Sir Michael Caine was given the Freedom of the City of London as an exhibition opened to celebrate his career.
The Alfie and the Italian Job star, who turns 80 next week, was recognised by the City of London Corporation for his achievement in film.
The ceremony coincided with a display of family photographs and portraits of the London-born actor at the Museum of London.
Sir Michael said he was "proud" of the exhibition.
The actor, born Maurice Micklewhite Jnr in Rotherhithe, south-east London, was presented with his award during a special service conducted by the Clerk of the Chamberlain's Court at the Museum's City Gallery.
Beverley Cook, Museum Of London curator, said: "Sir Michael Caine is one of London's most loved and recognisable characters.
"He was the first actor to bring an authentic London accent to the big screen, and, although Hollywood success made him an international star, he remains inextricably linked to his London roots."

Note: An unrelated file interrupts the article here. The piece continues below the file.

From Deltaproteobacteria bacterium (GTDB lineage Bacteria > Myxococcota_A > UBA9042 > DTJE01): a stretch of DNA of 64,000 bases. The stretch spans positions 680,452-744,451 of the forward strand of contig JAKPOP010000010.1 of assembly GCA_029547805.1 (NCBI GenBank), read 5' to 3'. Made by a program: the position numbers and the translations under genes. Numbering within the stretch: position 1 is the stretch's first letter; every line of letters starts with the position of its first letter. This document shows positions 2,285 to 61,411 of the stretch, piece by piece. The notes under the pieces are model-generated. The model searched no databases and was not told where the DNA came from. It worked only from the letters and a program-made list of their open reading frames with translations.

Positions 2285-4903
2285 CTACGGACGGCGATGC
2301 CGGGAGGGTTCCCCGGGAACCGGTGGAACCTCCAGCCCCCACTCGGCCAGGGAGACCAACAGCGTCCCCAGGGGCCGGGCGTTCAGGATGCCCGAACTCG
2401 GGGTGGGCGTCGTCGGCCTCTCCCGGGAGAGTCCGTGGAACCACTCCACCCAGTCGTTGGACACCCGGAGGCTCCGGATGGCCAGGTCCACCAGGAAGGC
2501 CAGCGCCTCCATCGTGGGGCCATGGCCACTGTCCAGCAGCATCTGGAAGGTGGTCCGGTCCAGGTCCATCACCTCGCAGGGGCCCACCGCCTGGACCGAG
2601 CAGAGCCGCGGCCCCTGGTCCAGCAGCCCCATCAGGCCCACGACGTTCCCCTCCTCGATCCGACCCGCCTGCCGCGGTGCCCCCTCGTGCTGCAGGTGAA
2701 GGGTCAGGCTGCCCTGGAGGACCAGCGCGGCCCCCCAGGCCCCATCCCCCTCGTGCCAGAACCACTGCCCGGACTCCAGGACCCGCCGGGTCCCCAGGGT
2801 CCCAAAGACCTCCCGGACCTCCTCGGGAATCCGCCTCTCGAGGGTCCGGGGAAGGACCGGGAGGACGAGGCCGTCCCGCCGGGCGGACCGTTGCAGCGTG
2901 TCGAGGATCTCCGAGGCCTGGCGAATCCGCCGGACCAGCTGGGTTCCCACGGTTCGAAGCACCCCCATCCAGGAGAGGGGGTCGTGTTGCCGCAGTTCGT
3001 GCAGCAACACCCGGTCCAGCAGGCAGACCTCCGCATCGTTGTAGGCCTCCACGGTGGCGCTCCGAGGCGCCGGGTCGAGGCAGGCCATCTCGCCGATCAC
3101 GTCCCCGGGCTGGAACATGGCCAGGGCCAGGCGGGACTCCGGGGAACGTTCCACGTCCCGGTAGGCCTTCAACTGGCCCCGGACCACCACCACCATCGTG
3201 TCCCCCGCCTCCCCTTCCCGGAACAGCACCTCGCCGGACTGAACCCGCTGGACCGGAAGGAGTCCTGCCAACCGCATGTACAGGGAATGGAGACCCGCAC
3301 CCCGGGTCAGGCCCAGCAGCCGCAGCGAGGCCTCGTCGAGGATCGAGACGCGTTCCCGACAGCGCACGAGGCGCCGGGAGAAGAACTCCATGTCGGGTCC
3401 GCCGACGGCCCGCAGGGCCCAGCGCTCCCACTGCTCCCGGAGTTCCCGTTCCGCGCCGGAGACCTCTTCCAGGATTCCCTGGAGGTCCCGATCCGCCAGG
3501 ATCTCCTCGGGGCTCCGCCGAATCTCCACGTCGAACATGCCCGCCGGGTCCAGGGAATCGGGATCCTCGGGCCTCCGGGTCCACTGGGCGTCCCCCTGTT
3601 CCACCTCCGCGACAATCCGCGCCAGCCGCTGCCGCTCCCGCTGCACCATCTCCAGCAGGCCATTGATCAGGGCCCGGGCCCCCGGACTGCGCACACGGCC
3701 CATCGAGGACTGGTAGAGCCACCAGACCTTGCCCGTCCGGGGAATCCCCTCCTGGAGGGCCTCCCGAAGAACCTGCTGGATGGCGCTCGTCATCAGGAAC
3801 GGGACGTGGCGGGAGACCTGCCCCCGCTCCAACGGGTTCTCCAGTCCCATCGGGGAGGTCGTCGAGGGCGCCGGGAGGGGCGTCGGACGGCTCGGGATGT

Speaking ahead of the exhibition, Sir Michael said: "I think the museum is great for London, and I am so proud to be included."
The Freedom of the City of London, which is believed to have first been conferred in 1237, is granted to those who have made outstanding contributions to London life.
The exhibition of Sir Michael's life and work runs until 14 July and entry is free.
Ahead of its launch, the Museum of London gave film fans the chance to vote for their favourite Michael Caine films, with free screenings of the top four movies later this year.
Online voting closes at 17:00 GMT 14 March - the date of Sir Michael's 80th birthday.
The winning films and a schedule of screenings will be revealed on 20 March.